What’s To Become Of Golf

The New York Times recently published an article by Bill Pennington, In a Hole, Golf Considers Digging a Wider One, about members of the golf industry who are concerned by the number of people leaving the game. They are proposing golf be made easier with the goal of retaining those who are leaving and attracting more people to participate on a regular basis.

The National Golf Foundation (NGF), a trade organization dedicated to advocating for those who make their living in the golf industry, is concerned that more people are leaving the game for a variety reasons than are taking it up. They have proposed making the regulation 4–1/4 inch hole into a 15-inch canyon, among other modifications to the Rules of Golf, in the name of attracting more participants. Let’s look at some history for context.

In 1996 Tiger Woods burst into professional Tour golf. Tiger’s mercurial rise captured the imagination of millions who tuned in weekly to watch the PGA Tour on television. Many became enamored and took up the game.  Golf is enjoyable. Some of those newly attracted adherents decided that golf would be a great way to make their living, and so they did. With the rise in popularityTitleist golf ball golf communities, courses with McMansions and high-end condos surrounding newly built courses, became the real estate developer’s wet dream. The opportunity to build and sell high-end housing and country club memberships was more than many could resist.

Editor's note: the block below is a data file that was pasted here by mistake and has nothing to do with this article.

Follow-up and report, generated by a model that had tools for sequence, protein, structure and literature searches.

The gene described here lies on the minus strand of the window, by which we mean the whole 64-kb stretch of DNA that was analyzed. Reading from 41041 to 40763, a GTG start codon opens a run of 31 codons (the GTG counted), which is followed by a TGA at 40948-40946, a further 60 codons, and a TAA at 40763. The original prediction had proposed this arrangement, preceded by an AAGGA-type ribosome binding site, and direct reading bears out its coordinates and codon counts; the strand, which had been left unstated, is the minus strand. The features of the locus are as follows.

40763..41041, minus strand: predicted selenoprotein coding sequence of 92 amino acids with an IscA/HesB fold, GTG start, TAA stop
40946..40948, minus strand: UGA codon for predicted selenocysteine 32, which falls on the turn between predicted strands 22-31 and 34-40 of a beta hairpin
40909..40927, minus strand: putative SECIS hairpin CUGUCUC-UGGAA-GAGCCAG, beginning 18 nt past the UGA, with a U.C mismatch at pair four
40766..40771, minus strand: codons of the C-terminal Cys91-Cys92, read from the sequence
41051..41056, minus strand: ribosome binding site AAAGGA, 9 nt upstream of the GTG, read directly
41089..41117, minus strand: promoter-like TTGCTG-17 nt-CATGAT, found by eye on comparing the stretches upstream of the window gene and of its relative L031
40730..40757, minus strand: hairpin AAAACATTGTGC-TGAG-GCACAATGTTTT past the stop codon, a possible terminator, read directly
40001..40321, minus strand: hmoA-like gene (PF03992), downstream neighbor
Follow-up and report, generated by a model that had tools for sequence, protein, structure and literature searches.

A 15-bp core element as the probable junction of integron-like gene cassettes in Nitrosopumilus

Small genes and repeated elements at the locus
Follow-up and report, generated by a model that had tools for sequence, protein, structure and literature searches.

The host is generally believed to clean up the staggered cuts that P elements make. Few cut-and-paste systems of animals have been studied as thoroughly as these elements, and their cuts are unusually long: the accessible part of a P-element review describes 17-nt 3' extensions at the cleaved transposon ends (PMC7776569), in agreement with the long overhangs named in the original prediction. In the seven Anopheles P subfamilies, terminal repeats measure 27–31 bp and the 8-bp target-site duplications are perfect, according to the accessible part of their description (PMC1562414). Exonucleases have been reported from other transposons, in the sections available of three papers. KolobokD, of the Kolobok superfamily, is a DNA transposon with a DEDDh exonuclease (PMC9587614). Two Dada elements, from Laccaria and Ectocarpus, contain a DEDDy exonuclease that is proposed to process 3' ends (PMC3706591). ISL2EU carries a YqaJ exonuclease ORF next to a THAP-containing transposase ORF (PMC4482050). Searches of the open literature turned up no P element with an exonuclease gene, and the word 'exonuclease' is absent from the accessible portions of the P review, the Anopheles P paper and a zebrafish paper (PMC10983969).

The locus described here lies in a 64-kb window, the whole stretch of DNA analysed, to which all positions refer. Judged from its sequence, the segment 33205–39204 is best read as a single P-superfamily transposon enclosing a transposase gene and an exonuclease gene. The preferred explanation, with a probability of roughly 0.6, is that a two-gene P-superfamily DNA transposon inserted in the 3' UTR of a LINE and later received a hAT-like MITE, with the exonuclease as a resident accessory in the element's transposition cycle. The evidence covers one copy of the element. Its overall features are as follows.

Increased participation gave golf equipment manufacturers an expanding market for new technology they could deliver once or even twice a year, cashing in on the new normal. Manufacturers pumped out advertising featuring Tour players endorsing game improvement products that made 300-yard drives and ball-stopping spin a cinch, for Tour players.  They neglect to mention the disadvantages amateur hackers bring to the equation. The late 1990s and early 2000s were a boon to golf.

Then economic reality set in as the housing bubble burst. Even in the best of times golf is a drain on discretionary spending. With the economy in the tank the rising ranks of the un- or under-employed were no longer able to afford country club memberships or purchases of high-end equipment. The occasional round at the local daily fee municipal course became a luxury. About the time Tiger Woods became embroiled in scandal, many found they could no longer support their love of the game.

The bleeding of golfers has gone on for a few years which has caused NGF member organizations to worry. There are too many courses, equipment manufacturers can’t sell enough new product, and teaching professionals have dwindling incomes. The trade association solution is invent a new activity, call it golf, then expect new adherents to stream through the gates to participate in a bastardized version of a grand, noble and ancient game.

Are you fucking shitting me?